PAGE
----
some city employees knew that when Matt began his own consulting co. while consulting for Homer Williams and Mark Edelen a few months back (primary developers in North Macadam), he was still working for the City and the PDC on North Macadam issues.

I think that's the most serious problem I have with that situation. It's reminiscent of the old Traci Smith moonlighting mess at the PDC. The city needs some rules about that, but I doubt the firemen would be too happy with them.

Antisprocket: Sorry, I met to put "nice guy" with quotation marks, to paraphrase the Oregonian article. He is a nice guy to talk to, but his recent actions will be judged by us now. This is an important topic, and one that was brought to PDC's attention several years ago, and definitely this past year. I question if PDC and the City is getting the ethics message (and others), but with the comments coming in you would think they would.

Frank, I think that we don't really need any more rules, we need enforcement, we need a media that exposes these actions, plus we need city/metro/county employees that respects ethics> In this case, I think Matt, Homer, Mark knew of their ethics dilemma, why would they go out of their way telling Dylan Rivera of the Oregonian that (paraphrased) "oh, Matt won't be working in Portland and North Macadam immediately, we'll be using him in LA and Vegas first". That comment was unsolicited. They were worried about the "ethical issue" and their are state and city statutes that address this. Plus, like I said, where are the other city, PDC employees on this?

So all of you who are getting militant about PSM (silly anti-french comments aside): what do you suggest doing about Old Town? Because if you have not noticed, Old Town is far from "prime real estate" (as claimed above). Old Town is dying. There are empty storefronts throughout. Retailers are leaving. Chinatown is emptying out.

What do you suggest?

I think Matt, Homer, Mark knew of their ethics dilemma

I think they know it doesn't look good...whether it breaks any existing rules is another matter. Anyway, Matt was promoted into his position by then PDOT head Vic Rhodes...who's ALSO working on the tram now that he's retired from the City. And so it goes.

Back when I had my own issues with Homer, and what the City was doing for him with the streetcar, I also had to look around...every sitting Council member at the time had taken campaign contributions from him. Who do you go to, as a bureaucrat? Where's the protection for whistle-blowing?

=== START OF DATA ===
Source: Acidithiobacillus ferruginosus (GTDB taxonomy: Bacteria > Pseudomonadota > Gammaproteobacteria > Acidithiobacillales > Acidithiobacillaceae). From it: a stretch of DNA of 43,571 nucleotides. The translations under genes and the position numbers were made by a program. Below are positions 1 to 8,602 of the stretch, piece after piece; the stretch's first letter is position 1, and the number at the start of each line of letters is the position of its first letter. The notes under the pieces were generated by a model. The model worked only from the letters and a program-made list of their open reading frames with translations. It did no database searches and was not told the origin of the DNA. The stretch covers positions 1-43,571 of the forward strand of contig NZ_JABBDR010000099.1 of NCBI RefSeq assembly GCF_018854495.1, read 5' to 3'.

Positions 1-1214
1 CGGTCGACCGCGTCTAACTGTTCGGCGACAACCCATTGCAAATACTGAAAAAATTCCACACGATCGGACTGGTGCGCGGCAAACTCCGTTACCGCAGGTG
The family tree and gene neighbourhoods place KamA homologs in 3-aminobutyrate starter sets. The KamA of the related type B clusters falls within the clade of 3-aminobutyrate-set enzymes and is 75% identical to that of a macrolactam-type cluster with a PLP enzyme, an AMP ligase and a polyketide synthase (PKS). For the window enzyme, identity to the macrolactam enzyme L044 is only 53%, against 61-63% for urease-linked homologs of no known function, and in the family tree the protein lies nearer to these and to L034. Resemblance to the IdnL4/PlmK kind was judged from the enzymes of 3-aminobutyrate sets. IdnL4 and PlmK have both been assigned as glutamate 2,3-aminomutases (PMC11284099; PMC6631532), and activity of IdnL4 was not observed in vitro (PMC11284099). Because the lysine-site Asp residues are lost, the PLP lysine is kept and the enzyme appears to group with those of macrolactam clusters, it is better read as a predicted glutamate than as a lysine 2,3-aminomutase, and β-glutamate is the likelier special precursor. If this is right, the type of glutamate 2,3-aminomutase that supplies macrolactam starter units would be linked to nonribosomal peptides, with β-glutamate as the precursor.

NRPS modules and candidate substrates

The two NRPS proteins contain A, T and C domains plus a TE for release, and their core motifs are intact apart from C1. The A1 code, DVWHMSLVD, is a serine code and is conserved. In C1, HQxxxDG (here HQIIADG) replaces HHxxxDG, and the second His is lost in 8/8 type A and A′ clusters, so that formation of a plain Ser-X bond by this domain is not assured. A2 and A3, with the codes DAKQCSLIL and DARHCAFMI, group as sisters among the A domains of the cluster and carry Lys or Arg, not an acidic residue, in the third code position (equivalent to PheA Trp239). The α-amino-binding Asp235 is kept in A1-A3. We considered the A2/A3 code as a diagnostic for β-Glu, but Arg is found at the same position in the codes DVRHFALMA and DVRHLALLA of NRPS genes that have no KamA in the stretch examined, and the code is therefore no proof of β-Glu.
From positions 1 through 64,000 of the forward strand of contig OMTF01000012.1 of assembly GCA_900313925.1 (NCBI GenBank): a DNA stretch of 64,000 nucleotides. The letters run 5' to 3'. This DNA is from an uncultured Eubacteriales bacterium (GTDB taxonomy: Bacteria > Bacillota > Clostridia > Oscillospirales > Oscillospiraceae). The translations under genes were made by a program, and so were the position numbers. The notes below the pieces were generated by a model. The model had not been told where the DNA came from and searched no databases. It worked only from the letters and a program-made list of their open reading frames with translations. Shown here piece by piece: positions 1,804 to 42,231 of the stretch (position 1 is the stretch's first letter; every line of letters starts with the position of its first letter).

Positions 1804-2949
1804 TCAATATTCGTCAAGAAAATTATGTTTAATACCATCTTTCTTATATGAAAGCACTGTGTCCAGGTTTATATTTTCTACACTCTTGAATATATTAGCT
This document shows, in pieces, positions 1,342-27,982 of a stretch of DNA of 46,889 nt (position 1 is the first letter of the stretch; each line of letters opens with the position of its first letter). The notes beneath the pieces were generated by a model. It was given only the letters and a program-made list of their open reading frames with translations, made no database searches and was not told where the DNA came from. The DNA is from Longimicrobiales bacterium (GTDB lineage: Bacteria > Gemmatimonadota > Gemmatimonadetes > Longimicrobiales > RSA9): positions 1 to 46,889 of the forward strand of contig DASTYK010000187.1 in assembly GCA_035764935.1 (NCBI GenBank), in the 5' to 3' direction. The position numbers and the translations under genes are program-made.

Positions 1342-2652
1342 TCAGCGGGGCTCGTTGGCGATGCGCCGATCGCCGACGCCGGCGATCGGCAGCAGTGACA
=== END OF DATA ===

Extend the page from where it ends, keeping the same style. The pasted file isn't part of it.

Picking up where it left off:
Oh sure, there's always the Oregonian...

Chinatown, and the Asian community has clearly moved east to 82nd, and west to Beaverton. Left behind, I suspect, will be a symbolic, Disneyfied, shell of what once was. So too will be the fate of PSM, it's lookling like: So all of you who are getting militant about PSM (silly anti-french comments aside): what do you suggest doing?

I think we need to support the market folks, however it plays out, and however they direct, in a new home or standing their ground.

From what I can gather from this morning's O article on the Measure 37 case going to the Supreme Court, it looks like the American Planning Association is Friend of the Court against, citing that Oregon is a national planning model,and so on ad nasuem. If the APA could see what it looks like on the ground: a circle drawn around an urban area in which every land scam and revolving door in Oregon history still operates, I think it would be ashamed of itself. National organizations can easily loose credibility when they start endorsing action without really investigating the facts.

IT seems to me that bureaucrats, reporters,law assoicates etc. all do what they're told to do. Even when they have serious questions as professionals. And that, I think, is one of the most important parts of what is wrong with this country: people won't take personal responsibility when they can "go with the flow" and get paid. My sister saw the recent film about the Enron scandal which she says emphasizes this attitude as a key problem. Whistleblowing wouldn't be so difficult if everyone felt a sense of social responsibility.